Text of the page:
A Dirty Shame
Directed by John Waters. Starring Tracey Ullman, Johnny Knoxville, Selma Blair, Chris Isaak, Mink Stole, Patricia Hearst, Suzanne Sheperd. (2004, NC-17, 89 min.)
REVIEWED By Marc Savlov, Fri., Sept. 24, 2004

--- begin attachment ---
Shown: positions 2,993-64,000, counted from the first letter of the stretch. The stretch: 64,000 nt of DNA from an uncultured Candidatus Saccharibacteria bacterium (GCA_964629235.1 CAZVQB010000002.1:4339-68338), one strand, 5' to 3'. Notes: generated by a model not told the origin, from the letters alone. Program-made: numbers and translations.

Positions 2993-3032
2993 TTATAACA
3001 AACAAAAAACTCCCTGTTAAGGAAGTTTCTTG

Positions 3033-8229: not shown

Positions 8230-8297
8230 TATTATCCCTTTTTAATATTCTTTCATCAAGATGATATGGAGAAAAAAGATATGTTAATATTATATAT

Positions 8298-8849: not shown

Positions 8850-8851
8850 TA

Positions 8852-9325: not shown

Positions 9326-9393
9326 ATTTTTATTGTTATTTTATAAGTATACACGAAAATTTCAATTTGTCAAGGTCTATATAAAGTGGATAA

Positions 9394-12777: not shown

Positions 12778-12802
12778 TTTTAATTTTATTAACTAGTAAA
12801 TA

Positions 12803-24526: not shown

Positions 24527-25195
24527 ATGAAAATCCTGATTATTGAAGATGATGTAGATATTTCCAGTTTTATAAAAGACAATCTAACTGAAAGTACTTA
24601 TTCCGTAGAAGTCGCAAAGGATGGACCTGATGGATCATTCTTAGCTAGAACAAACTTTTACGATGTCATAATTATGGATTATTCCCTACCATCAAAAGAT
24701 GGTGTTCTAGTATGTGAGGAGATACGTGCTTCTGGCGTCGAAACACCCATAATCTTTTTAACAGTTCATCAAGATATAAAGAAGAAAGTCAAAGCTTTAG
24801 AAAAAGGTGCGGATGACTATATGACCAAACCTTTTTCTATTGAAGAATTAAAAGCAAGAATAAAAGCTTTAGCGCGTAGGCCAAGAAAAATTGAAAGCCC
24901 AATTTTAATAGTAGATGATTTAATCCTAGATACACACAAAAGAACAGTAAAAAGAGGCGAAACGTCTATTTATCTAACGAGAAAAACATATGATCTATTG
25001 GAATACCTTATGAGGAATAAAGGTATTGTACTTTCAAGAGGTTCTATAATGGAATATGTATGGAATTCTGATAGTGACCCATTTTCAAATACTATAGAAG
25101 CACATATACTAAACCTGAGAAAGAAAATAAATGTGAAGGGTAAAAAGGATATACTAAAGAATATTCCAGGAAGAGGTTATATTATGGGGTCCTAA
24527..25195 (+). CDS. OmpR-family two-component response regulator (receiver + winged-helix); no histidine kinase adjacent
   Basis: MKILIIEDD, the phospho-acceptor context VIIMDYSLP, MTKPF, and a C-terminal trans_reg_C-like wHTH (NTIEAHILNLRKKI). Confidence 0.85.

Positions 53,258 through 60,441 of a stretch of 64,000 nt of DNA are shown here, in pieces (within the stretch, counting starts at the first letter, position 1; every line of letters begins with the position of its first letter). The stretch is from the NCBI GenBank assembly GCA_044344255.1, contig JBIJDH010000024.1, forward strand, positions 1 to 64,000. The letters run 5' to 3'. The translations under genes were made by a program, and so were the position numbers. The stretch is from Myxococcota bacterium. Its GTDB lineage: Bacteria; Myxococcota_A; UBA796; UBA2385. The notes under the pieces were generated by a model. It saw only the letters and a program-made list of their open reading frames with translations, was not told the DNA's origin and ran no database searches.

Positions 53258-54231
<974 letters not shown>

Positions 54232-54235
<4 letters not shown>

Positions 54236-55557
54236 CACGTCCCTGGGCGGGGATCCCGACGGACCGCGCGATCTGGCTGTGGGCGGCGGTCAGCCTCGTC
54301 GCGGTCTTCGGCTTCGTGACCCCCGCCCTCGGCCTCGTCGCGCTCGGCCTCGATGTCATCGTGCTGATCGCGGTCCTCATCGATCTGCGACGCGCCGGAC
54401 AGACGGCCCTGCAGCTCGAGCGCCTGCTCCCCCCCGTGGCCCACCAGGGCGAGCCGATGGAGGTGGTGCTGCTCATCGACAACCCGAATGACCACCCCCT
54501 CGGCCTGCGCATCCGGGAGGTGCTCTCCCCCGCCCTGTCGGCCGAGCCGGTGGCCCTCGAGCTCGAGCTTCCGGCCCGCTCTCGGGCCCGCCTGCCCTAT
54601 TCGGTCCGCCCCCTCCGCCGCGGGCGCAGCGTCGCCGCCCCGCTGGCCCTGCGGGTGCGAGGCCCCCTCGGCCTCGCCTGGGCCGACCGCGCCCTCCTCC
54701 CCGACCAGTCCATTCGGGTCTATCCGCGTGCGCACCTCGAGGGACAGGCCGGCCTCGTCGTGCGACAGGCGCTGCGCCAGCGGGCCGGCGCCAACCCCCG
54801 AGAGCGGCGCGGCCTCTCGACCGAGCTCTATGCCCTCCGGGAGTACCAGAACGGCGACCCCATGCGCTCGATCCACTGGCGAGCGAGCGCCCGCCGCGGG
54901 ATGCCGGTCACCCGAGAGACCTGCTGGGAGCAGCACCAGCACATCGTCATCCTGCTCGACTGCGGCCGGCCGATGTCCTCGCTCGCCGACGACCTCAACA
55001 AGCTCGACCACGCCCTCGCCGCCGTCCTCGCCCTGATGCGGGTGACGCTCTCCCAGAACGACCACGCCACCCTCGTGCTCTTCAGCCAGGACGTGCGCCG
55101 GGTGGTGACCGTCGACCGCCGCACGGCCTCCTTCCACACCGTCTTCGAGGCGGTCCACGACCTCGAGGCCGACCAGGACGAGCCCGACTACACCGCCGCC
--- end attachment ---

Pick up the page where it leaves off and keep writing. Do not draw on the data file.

America’s self-proclaimed king of trash cinema returns to form in this NC-17 tale of sex addiction, fetishes, and mad, bad, lascivious squirrel sexin’. It’s as if Waters’ forays into the confines of somewhat more respectable entertainment (i.e., the film Pecker, and Hairspray on Broadway) never happened, and fans of the perverse (and who isn’t?) will be tickled pink to have the man who gave cross-dressin’, poo-eatin’ cinemania a good name back in the warm, wet fold where he belongs. Waters has been shocking moviegoers for so long now that for a while in the mid-Nineties he came perilously close to seeming something like a relic of a bygone age. His guest spot on a 1997 episode of The Simpsons was either the high-water mark or the nadir of his career, depending on whom you asked; had Baltimore’s eternal outsider been co-opted by the very forces he once sought to skewer? The prognosis at that point was, let’s be honest, grim, and neither Pecker nor its follow-up, Cecil B. Demented, while both superior parodies in their own way, offered all that much comfort for fans of the man who, once upon a time, made a heavy-set transvestite named Divine a household name (if your household was hip enough, that is). So now here’s the very aptly titled A Dirty Shame, in which comedienne Tracey Ullman picks up a bottle using only her, ah, nether regions, while doing the Watusi at a nursing home; Jackass star Johnny Knoxville plays a character named Ray-Ray who gives people the gift of a rampant libido and then floats above them bathed in a Christ-like golden glow; and Hellboy’s Selma Blair bangs bikers and sports a pair of – to paraphrase Joe Bob Briggs – bodacious tatas large enough to preclude her ever using a phone booth or a Japanese restroom. It’s a sex farce on an Ecstasy cocktail, leavened, appropriately enough, with not much of anything, trashy in the extreme, but also rather joyously celebrating human sexuality in all its myriad forms. Waters is back to his old tricks, lobbing hand-job grenades at prudery and the anti-sex agenda of the conservative right, even while adult DVD rentals outstrip MPAA-approved fodder three to one (and surely it can’t all be Kerry supporters cuddling up to Butt Bangers III). It goes without saying – but we’ll say it anyway – that Waters’ films, like Astroglide, are an acquired taste, and few more so than A Dirty Shame, which is, even by Waters standards, a frequently silly affair. It’s also, however, a genuine cri de couer in the director’s long-running battle against the forces of censorship and a banal societal (and cinematic) status quo. And for those reasons alone it deserves to be seen.